Before dinner, a trustee read aloud a passage from Teesdale’s diary in which he recounts two near-death experiences during World War I and a later uncanny event at Dunkirk, where he felt a “white and gold” presence and heard a voice identifying itself as “a sentinel for those who set life on the planet.” On both occasions the alien presence gave him a strange object and made him promise that he would pass it on to scientists to analyze. Teesdale confessed he had never fulﬁlled this promise.
Then the company sat down to a magniﬁcent meal, and after dinner, the commission withdrew to deliberate in private. They returned to announce that Raël had been chosen as the recipient of the Teesdale inheritance, since “he presents the proﬁle that is closest to the spirit of the Testament.” Raël was awarded a large laboratory cryogenic container that presumably held the alien artifact, and everyone left the restaurant. Vallée’s correspondant was soon contacted by a Raelian guide, Dominique Renaudin. He also spoke to Raulin, the chemist. Vallée made some inquiries and discovered that there was no such ﬁrm as Theard, Theard; the address on the stationery was erroneous. Moreover, his efforts to trace the late Mr. A. P. Teesdale, born in 1916, suggested that such a man had never existed. To this day, the motives behind what appears to be a hoax remain a mystery.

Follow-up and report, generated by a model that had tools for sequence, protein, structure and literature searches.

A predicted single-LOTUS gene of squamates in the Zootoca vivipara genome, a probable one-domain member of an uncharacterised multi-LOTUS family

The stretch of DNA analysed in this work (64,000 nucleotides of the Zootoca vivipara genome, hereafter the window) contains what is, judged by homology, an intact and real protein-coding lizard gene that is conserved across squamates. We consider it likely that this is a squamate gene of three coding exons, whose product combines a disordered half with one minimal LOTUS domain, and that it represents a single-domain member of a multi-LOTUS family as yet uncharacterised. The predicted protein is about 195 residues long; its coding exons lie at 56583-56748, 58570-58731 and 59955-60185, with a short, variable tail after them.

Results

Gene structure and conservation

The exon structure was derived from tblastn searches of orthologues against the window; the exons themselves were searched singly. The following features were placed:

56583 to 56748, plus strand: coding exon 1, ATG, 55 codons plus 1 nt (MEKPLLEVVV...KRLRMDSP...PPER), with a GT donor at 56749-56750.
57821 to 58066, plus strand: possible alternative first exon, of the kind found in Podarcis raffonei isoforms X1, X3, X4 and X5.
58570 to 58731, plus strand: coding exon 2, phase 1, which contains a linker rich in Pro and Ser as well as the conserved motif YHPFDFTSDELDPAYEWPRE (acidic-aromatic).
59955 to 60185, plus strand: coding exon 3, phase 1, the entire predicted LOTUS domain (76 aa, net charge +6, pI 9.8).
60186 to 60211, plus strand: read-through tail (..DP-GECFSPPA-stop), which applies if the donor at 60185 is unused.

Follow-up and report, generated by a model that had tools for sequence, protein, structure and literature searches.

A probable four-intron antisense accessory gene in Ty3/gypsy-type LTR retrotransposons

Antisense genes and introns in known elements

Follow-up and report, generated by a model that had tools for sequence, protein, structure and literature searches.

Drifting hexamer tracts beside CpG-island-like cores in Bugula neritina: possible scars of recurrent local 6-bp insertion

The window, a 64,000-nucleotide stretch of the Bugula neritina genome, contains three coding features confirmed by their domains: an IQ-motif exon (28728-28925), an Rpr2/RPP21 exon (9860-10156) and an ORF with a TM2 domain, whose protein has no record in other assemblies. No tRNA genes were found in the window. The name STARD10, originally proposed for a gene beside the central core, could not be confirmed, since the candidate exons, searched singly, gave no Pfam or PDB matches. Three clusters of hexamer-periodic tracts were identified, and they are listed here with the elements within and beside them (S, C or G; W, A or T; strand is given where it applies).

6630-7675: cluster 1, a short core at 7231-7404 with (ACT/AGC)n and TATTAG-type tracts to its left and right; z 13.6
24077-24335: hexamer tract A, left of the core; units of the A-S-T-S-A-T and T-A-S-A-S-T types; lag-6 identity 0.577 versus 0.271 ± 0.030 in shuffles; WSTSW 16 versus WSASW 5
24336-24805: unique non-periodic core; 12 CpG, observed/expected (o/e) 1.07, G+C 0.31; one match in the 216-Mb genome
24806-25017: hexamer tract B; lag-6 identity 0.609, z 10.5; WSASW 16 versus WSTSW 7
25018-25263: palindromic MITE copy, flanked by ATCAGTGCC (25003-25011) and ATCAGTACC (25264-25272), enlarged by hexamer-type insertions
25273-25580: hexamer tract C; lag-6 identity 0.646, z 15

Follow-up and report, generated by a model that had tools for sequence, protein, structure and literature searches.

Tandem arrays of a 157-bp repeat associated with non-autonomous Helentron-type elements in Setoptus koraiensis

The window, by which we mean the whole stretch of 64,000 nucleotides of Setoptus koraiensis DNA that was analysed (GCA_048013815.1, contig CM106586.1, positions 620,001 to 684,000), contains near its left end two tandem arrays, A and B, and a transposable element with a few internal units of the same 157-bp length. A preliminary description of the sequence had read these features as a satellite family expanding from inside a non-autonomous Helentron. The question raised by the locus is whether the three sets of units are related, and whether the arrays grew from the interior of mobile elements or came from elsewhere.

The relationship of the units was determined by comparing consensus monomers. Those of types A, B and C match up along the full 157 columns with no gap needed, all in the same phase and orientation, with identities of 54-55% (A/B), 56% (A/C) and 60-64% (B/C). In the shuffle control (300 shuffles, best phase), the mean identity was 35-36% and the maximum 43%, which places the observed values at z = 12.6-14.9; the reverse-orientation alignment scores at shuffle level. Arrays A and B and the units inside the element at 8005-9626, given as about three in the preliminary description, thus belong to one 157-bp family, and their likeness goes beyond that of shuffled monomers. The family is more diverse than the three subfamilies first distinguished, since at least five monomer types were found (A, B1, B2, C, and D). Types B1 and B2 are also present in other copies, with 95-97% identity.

Later in her book, Susan Palmer compares the Teesdale Inheritance fiasco with the Clonaid announcement of the birth of the first human clone baby "Eve" and speculates on the motives and perpetrators behind the case (Aliens Adored, p. 190):